Nerds of the earth … rejoice! It’s Pi Day, and no other day puts so much focus on the mathematically and scientifically inclined. You’re more than the accumulated stereotypes at your expense. More than pocket protectors, introverted shyness and social awkwardness. You are the great minds that run the world, and today we recognize it and celebrate you. So let your genius flags fly … at least 3.14 more times than you did yesterday!
I am a wordsmith who married into a family of mathematicians and scientists (proudly shifting my people from STEM to STEAM), and they all believe they’ve won the lottery with my son, who was born ON Pi Day. So we do it big around here.
Pi is a constant, something you can rely on. All circles, regardless of size, have the same ratio of circumference to diameter. If you’re a genre fiction reader, then you’re looking for a constant—a cathartic element that makes you go back time and again to your genre. Fantasy readers want magical powers or mythical animals, mystery readers want a puzzling event and to solve a crime, sci-fi readers want a futuristic setting in outer space or a different universe, and romance readers want a happy ending. The cathartic element of the plot is the constant.
So let’s focus on romance because, you know, romance. Dawn Maslar created a great TED-Ed Animation called The Science of Attraction about romantic chemistry, and how the five senses play into the mating game. Great romances, whether in books or real life, engage all of our senses—starting with our brains. Intelligence is sexy. Tonight, we’ll be having chicken pi and chocolate chess pi to celebrate our son’s 21st birthday … on Pi Day. So grab your own slice of Pi and engage your brain with these smart romances!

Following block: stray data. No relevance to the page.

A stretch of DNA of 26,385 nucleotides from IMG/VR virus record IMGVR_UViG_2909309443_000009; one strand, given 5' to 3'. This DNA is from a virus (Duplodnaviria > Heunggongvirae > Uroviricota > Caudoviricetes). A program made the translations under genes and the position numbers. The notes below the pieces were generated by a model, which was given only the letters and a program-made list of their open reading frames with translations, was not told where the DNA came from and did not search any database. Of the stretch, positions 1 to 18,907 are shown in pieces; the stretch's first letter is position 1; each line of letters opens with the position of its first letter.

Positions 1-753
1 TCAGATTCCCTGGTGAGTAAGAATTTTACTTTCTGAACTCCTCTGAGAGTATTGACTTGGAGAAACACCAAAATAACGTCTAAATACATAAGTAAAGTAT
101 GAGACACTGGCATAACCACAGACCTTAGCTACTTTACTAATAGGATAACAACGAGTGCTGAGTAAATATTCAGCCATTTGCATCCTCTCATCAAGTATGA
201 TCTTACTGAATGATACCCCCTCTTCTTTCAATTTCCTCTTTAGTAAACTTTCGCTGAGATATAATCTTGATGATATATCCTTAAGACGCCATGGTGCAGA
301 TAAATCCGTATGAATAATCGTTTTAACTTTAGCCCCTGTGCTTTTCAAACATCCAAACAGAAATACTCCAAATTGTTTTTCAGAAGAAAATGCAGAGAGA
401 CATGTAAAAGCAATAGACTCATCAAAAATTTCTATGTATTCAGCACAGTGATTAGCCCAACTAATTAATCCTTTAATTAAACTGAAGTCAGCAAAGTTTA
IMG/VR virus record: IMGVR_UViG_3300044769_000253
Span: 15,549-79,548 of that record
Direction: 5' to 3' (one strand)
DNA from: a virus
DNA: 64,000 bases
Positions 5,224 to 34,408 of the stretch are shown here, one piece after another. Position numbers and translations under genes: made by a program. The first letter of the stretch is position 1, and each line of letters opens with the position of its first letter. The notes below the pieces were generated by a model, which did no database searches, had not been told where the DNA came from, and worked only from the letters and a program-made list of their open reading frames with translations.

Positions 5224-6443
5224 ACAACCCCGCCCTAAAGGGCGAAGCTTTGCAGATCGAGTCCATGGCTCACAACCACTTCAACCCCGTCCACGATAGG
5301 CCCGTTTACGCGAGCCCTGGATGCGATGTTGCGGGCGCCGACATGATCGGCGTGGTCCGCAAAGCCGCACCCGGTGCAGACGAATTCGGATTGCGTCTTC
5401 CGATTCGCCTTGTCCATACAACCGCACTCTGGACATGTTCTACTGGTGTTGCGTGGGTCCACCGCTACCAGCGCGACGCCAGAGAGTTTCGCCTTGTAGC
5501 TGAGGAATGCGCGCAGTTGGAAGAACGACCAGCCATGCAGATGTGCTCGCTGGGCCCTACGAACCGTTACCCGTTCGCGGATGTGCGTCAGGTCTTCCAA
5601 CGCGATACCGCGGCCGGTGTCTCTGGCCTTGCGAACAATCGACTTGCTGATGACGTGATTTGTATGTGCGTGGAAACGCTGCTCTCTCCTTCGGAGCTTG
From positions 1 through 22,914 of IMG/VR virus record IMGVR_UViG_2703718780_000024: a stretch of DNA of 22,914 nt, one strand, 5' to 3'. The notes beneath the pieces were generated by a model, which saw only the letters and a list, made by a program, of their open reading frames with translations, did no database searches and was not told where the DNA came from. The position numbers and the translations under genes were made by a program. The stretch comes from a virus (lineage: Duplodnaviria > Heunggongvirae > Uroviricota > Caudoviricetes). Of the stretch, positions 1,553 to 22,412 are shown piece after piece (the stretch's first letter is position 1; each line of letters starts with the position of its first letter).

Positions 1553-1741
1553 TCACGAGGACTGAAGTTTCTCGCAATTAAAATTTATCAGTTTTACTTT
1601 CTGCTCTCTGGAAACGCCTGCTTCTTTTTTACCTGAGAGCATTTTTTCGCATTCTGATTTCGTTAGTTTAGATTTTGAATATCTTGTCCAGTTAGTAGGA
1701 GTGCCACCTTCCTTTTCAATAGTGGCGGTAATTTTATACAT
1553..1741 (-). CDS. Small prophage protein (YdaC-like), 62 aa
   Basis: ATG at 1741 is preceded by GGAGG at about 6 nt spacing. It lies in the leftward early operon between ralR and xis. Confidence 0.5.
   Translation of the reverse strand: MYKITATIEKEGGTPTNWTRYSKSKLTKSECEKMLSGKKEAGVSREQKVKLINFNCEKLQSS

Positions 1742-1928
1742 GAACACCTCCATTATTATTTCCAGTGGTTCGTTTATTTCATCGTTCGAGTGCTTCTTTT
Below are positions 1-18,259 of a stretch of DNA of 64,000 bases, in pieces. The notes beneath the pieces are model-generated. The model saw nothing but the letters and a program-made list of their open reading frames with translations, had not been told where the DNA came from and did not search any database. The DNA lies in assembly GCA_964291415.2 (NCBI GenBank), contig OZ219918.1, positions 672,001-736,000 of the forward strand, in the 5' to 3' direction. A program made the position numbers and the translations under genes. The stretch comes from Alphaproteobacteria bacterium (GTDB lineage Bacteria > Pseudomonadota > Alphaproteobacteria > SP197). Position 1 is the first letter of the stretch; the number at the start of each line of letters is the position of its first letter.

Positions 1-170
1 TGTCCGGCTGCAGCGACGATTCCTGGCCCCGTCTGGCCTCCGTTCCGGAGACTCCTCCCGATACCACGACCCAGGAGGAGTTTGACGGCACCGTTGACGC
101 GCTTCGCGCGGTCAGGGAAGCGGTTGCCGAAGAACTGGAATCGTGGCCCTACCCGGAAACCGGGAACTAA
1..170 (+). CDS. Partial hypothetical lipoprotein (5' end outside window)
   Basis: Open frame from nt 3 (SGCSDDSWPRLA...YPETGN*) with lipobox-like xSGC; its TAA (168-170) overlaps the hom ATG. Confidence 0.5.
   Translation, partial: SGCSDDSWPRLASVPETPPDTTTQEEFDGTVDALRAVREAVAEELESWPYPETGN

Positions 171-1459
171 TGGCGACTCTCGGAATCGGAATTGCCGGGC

The First Kiss Hypothesis by Christina Mandelski
The First Kiss Hypothesis is out of my normal comfort zone because it’s a teen and young adult story (and who needs to visualize their own kids in a romance – yuck!), but this was a fun book. It’s based on this hypothesis by Nora Reid, who thinks scientific laws control everything: “for each person in the world, there is exactly one other person who, at first kiss, causes an immediate and intense reaction.” Here is where the STEM crowd needs to rely a little on the STEAM crowd, to let a little art into the interpretation. Mandelski developed likeable characters in Nora and Eli Costas, and added a little twist to the friends-to-lovers trope. Rather than the two worrying about losing their friendship if they took a romantic step, Nora insists on relying on her hypothesis about intense reactions – and the lack in reaction she had to Eli when they kissed when they were eight. I want to slap these YA characters like in Moonstruck and tell them to snap out of it, and to get a little age on them before they call it a day. That said, however, this was a great example of science in romance.
The Kiss Quotient by Helen Hoang
The Kiss Quotient was a big hit last year and put Helen Hoang on the literary map with her debut. It’s both sweet and sexy, and told through the lens of a main character living with Asperger’s Syndrome. This gender-swapped Pretty Woman tells the story of Stella Lane, who’s smart and driven, yet at a standstill in her thirties because of her social awkwardness, eccentricities and lack of interpersonal skills that make developing and keeping relationships difficult. So she hires Michael, a male escort. Michael is a little hesitant at first, but genuinely likes her beyond their sexy Friday nights. There’s some drawn-out miscommunication that drags the middle a bit while Stella and Michael come to terms with their true feelings, but it’s a good book. Plus, check out Stella’s mathematical gestalt: “I like you better than calculus, and math is the only thing that unites the universe.”